I chatted with @vladima offline, this issue is tracking moving the helpers into a module, and alloing the compiler to emit imports to that module, e.g. the above code would emit:

System.register(["ts_helpers"], function(exports_1) {
    var __extends;
    var B, C;
    return {
        setters:[function(ts_helpers) {
            __extends = ts_helpers.__extends;
        }],
        execute: function() {
            B = (function () {
                function B() {
                }
                return B;
            })();
            exports_1("B", B);
            C = (function (_super) {
                __extends(C, _super);
                function C() {
                    _super.apply(this, arguments);
                }
                return C;
            })(B);
            exports_1("C", C);
        }
    }
});
@thorn0

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commented Dec 15, 2015

As for now, where can I find a full list of all these helpers?

I use noEmitHelpers to substitute __awaiter with my own implementation, but also I must know what else I may break with this option.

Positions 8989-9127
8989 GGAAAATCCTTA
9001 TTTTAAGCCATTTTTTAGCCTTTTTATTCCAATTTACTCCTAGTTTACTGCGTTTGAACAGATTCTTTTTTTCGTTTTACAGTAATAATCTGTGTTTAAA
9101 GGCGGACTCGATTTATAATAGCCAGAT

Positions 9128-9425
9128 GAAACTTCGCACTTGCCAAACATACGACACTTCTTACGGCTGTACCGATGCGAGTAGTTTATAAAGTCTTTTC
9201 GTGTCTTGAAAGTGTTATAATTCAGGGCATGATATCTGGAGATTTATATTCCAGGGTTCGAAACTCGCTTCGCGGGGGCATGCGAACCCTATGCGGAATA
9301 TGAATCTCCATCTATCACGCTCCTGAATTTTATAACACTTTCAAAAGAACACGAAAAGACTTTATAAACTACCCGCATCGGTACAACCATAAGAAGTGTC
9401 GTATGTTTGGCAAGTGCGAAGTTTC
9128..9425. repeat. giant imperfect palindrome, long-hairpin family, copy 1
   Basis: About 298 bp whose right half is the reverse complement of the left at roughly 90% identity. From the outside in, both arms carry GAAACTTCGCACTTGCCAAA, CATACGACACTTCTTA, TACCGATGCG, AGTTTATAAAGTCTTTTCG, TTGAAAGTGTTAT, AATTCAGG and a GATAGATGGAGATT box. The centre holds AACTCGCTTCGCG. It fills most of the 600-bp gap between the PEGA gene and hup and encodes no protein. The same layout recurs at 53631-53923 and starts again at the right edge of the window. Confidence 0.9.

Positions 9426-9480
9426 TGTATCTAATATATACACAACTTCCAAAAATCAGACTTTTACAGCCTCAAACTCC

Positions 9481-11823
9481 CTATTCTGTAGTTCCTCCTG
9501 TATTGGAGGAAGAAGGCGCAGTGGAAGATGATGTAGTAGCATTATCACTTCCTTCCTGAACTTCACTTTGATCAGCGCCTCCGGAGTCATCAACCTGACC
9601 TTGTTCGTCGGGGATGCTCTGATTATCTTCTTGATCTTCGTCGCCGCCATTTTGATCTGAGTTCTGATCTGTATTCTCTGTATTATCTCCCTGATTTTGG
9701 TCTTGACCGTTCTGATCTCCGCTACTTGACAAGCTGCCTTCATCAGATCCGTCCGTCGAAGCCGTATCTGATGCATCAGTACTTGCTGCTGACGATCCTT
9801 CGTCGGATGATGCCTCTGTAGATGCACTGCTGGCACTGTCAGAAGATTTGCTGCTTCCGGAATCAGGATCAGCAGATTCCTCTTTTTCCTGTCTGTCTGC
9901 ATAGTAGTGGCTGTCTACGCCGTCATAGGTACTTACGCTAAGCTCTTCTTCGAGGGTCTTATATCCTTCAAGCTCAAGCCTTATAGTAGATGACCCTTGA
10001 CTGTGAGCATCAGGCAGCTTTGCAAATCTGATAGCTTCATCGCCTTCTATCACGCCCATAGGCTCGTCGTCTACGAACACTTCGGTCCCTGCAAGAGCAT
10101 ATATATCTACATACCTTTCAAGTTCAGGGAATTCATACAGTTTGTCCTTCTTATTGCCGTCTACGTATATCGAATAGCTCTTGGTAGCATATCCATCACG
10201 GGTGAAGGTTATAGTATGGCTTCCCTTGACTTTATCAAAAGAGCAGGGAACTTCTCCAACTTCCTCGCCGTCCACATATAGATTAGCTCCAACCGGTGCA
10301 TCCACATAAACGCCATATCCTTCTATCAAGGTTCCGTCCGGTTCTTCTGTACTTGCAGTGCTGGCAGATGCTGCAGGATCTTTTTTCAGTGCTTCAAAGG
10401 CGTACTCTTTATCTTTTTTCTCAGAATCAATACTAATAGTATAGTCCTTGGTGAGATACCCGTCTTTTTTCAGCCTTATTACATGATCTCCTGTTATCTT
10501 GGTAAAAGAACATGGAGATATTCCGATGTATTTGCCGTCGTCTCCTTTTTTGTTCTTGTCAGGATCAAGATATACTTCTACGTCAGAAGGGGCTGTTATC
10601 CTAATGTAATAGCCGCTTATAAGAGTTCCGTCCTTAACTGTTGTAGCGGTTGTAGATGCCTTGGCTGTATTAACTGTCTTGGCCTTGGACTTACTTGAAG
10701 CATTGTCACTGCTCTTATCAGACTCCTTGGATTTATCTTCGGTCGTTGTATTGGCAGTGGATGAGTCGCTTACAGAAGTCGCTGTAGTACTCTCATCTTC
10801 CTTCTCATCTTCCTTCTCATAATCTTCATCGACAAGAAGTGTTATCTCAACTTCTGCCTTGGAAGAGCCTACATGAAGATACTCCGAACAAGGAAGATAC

@rbuckton

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commented Dec 15, 2015

Right now, the only full list is in src/compiler/emitter.ts. We've been discussing releasing a separate script/library with all of our emit helpers.

If I may ask, what was the reason you chose to use your own implementation of __awaiter? Is there something deficient with the current implementation?

@thorn0

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commented Dec 15, 2015

I'm experimenting with performance optimizations in Angular 1.x apps.

Angular has two implementations of promises with different behaviour: $q and $$q. They both are compatible with Promises/A+ and (mostly) with ES6. The difference is in how they schedule the execution of their callbacks. As for $q, the callbacks are executed during Angular's digest cycle. $$q works like normal ES6 promises. Basically, $$q is an optimization, which is used for async operations that shouldn't affect any Angular bindings, so there is no point in triggering the dirty checking (AKA digest) after they're done.

What I wanted to achieve is to avoid the unneeded converting of $$q promises to $q promises, which happened if I just did Promise = $q; and used the default implementation of __awaiter. So I replaced

function cast(value) {
  return value instanceof Promise && value.constructor === Promise ?
    value : new Promise(function (resolve) { resolve(value); });
}

with

function cast(value) {